AIPIA member Avery Dennison Smartrac has acquired TexTrace, an integrated RFID products company, with a strategy to provide textile RFID labels that remain on garments for their entire lifetime, either in a sewn-on label or built into a product’s seam.
By leveraging integrated RFID, the companies explain, retailers can manage loss prevention, since the tags cannot be easily removed. Additionally, the companies anticipate future applications for RFID in the recycling of garments at the end of their lifetime, as the technology is integrated into those garments.
Founded in Switzerland, TexTrace licensed its technology to apparel service bureaus, including Avery Dennison, which provides the inductive coupling antenna used for the integrated labels. The acquisition was announced in February, 2022. The technology works with dual-frequency tags that incorporate NFC or HF RFID at 13.56 Mhz.
One global retailer is already integrating TexTrace’s labels into its garments, while Avery Denison is in discussions with other potential customers. Additional development is planned to make the textile-based labels more robust for repeated washing.
Avery Dennison expects to provide the TexTrace technology for use throughout a garment’s lifespan so that the tags could be read along the supply chain, in stores, and by waste-management companies when clothing is discarded, thereby ensuring the tags are properly recycled or reused.
Mathieu De Backer, Avery Dennison Smartrac’s senior director of segment innovation, comments: “We see more requirements for integrated technologies in the garment industry.” Part of the company’s vision, he says, is “a future where the digital will always be connected with the physical world, so every physical item will have a digital entity.” The TexTrace acquisition is intended to further that effort.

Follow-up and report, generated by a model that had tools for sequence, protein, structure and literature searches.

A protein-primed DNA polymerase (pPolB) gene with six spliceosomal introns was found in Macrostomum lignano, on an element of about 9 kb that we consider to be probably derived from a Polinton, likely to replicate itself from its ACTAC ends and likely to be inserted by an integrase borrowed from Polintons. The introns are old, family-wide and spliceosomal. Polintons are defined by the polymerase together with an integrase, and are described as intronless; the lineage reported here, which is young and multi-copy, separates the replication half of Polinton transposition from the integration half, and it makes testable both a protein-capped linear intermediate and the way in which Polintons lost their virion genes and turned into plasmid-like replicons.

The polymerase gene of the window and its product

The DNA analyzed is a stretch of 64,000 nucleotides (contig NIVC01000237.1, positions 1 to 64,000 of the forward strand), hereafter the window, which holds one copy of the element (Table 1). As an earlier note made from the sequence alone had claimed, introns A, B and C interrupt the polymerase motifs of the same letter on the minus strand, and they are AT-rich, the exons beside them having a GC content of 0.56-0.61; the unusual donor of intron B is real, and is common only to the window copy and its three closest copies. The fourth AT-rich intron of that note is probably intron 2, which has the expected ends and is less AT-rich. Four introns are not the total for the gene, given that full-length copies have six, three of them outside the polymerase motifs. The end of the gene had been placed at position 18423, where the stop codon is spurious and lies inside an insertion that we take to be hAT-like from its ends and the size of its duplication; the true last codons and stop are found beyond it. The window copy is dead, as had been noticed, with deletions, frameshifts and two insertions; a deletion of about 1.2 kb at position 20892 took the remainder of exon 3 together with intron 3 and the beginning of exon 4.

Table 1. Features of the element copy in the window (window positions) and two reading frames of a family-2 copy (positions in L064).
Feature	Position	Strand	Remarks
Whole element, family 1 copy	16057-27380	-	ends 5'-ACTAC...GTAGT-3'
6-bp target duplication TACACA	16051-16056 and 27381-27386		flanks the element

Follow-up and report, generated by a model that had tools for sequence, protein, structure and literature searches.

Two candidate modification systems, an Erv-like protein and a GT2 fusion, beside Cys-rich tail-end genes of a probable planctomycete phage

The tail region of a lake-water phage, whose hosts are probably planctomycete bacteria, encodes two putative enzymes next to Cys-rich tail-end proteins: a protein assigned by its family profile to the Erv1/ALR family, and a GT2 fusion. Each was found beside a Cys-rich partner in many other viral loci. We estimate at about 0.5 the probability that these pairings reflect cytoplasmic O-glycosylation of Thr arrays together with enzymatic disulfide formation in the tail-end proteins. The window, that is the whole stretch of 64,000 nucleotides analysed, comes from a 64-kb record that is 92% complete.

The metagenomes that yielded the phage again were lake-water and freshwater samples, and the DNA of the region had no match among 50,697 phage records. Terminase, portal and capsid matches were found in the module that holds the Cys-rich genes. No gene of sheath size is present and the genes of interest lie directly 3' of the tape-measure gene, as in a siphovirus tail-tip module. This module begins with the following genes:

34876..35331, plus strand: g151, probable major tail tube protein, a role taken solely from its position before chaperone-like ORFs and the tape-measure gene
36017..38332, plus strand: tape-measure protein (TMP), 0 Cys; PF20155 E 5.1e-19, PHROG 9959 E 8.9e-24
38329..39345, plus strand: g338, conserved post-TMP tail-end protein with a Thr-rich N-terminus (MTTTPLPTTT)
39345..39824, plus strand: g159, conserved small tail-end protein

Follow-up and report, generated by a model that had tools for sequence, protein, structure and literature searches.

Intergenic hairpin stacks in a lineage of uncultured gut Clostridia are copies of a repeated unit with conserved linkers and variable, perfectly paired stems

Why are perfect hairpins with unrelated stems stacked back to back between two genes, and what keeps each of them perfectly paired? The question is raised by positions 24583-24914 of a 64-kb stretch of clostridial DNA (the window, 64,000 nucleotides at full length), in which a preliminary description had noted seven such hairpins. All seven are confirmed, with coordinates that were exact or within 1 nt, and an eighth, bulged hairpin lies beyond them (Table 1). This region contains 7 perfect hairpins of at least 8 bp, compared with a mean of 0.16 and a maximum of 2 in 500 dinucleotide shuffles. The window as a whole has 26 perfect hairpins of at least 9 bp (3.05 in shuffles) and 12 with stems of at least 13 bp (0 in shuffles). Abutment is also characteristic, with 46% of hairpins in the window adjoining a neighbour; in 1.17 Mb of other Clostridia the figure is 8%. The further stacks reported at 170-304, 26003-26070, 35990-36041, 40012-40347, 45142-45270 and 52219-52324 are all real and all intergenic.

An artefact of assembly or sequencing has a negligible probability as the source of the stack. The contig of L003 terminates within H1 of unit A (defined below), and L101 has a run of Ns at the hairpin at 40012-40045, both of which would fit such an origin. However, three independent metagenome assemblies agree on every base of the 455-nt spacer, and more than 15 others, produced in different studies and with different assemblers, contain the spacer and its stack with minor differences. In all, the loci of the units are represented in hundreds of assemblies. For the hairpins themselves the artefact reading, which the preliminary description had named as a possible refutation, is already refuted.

By acquiring this technology as an alternative to paper-based hangtags, Avery Dennison intends to enable loss prevention for use in cases where EAS technology has been employed in the past. De Backer says companies need the technology to be integrated into garments. Otherwise, it’s too easy for tags to be removed and garments to be taken from a store, leaving the tags behind.
In addition to loss prevention, another benefit of integrated RFID is its ability to track the life of a garment. The built-in RFID functionality enables the recycling provider to interrogate its tag and capture data such as the materials used (cotton or polyester, for example), so that it could be properly sorted for recycling or reuse. Integrated RFID also provides the possibility for future consumer interaction.
With regard to privacy concerns for UHF RFID, De Backer says the retailer could enable the RFID chip to be switched into “protect mode.” At that point, the tag would not be detectable by an RFID reader until it was turned back on in a secure way. Such functionality would require industry-wide standardization, he says.